The architecture of the pipeline is the following:
Here are some example cross-selling recommendations that I generated:
How I built it
I used AWS Lightsail to deploy the Wordpress application (see here for a tutorial). It only takes 5 minutes to have an instance running with Wordpress. Installing the Woocommerce plugin can be done with few clicks from the Wordpress back-office (see these instructions for example). With these steps we have already set-up a fully fledged online shop. We can continue its customization by uploading our product inventory and using the rich set of plugins available from the Wordpress & Woocommerce communities (to add payment methods, change the frontend, etc).
Extracting data from our Woocommerce application (data is stored in a MySql database) I use python wrapper around the Woocommerce REST API. The required datasource used by the Mphasis HyperGraf Market Basket Analysis is stored in S3, as well as the output from the Batch Transform Job containing the product recommendations.
I upload the product recommendations using the Woocommerce Rest API into the 'cross_sell_ids' field of Woocommerce which is empty by default. This facilitates integration of these recommendations to the shop front-end, as they are internal Woocommerce fields and one can find plugins taking care of displaying those.
The online shop I set up for testing purposes using Amazon Lightsail was themed with plants and flowers, but of course the project is aimed at a generic integration with any Woocommerce shop. You can visit my test online shop.
Choosing between Model Batch Transform and Model Realtime Inference. For small and medium size merchants with online shops in Woocommerce, updating the recommendations doesn´t require a realtime inference endpoint, so a batch job is the preferred option.
What are the expected costs for the merchant? Using the pricing guidelines one has an estimate of $0.634 Total/hr using an ml.m5.large instance.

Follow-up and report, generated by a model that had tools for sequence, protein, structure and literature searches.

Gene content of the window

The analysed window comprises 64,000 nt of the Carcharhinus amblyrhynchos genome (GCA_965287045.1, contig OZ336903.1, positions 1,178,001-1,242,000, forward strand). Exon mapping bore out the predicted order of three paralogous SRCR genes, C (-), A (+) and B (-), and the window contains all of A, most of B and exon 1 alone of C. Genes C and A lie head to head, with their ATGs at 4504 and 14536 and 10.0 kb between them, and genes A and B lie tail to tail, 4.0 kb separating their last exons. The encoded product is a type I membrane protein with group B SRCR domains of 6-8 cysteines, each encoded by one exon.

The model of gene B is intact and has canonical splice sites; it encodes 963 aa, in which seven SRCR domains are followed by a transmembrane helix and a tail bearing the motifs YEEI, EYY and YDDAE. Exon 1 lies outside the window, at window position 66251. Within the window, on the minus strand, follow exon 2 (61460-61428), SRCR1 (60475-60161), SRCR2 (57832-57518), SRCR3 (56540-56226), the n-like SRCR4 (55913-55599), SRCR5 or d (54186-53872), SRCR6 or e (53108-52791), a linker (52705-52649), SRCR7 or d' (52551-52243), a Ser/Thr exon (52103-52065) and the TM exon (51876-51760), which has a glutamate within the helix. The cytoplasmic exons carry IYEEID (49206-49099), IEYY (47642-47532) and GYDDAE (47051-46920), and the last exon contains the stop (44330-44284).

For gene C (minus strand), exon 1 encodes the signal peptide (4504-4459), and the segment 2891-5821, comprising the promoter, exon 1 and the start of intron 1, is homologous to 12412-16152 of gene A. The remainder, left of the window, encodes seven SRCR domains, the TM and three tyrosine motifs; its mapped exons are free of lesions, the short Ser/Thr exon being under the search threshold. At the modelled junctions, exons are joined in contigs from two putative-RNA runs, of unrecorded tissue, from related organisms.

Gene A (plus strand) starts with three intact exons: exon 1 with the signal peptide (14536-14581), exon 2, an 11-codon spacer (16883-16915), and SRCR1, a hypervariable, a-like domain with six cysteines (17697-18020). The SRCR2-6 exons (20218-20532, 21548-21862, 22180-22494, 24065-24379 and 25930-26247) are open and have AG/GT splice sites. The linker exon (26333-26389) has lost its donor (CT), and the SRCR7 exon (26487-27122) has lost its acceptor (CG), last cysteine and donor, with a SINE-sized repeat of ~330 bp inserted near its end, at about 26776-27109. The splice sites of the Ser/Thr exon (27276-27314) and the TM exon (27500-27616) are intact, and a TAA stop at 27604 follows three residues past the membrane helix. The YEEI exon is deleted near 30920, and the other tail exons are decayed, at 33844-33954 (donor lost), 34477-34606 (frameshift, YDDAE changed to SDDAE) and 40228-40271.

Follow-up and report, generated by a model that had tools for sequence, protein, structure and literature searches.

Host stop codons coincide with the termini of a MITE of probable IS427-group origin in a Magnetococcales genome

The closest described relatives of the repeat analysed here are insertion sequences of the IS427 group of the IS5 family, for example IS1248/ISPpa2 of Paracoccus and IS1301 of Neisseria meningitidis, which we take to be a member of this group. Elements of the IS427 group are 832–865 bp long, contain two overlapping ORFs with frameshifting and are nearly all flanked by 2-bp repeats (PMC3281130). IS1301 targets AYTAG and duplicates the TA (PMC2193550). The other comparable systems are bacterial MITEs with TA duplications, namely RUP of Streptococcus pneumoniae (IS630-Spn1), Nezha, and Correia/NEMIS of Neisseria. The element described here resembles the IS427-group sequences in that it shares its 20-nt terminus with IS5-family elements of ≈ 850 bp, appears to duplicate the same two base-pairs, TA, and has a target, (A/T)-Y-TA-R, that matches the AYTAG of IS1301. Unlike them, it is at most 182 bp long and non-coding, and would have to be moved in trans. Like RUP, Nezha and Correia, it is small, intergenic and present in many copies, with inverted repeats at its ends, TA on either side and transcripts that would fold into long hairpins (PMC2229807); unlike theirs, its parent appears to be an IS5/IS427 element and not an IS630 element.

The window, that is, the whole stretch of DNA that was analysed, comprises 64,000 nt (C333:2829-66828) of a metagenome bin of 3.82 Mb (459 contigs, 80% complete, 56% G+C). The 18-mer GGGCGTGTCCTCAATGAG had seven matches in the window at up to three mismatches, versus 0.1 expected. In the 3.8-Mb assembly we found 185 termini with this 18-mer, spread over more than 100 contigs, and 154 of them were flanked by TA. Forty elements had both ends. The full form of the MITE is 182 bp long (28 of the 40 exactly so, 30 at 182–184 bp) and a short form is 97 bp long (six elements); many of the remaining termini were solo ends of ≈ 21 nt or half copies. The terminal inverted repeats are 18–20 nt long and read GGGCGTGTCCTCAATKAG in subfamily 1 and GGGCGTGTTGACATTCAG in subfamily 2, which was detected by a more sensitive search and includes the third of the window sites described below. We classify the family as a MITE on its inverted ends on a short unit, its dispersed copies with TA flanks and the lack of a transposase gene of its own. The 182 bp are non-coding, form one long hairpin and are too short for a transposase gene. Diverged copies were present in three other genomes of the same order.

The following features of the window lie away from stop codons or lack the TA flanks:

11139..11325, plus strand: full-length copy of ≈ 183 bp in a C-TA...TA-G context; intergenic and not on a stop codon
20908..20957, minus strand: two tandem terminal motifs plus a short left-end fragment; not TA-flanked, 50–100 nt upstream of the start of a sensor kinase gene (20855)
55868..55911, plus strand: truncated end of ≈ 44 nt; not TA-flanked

Challenges I ran into
A complete integration to the Woocommerce shop, though straightforward in principle has some subtleties when one wants to make it as seamless as possible for the merchant to integrate within their shops.
Accomplishments that I'm proud of
I am proud of achieving a full integration of the AWS marketplace model with an online Woocommerce shop. It can be used by merchants to automatize their cross-selling marketing efforts and achieve higher conversion rates.
An integration of AWS services with Wordpress/Woocommerce opens many opportunities for me and for everyone interested in continue developing along this direction. Creating high quality services for small and medium size merchants can be very rewarding, as they often dont have the possibility to access the IT resources needed to set up these services.
What I learned
I learned a lot about Wordpress/Woocommerce and about the AWS Sagemaker and AWS marketplace. Setting up an online shop from scratch and developing the solution I made was also a lot of fun. I learned also that there are still many possibilities open for providing high quality analytics services for small and medium size online merchants.
What's next for Cross-sell recommendations for E-commerce
I would say achieving a more seamless integration with the merchant shop is necessary, in the form of a Wordpress plugin which can be installed with a couple of clicks. Such plugin can also serve as an opportunity to provide customization of how the recommendations are displayed on the frontend .
Another important topic for me is to measure the uplift provided by the service, in order to quantify how valuable it is in terms of added revenues to the merchant.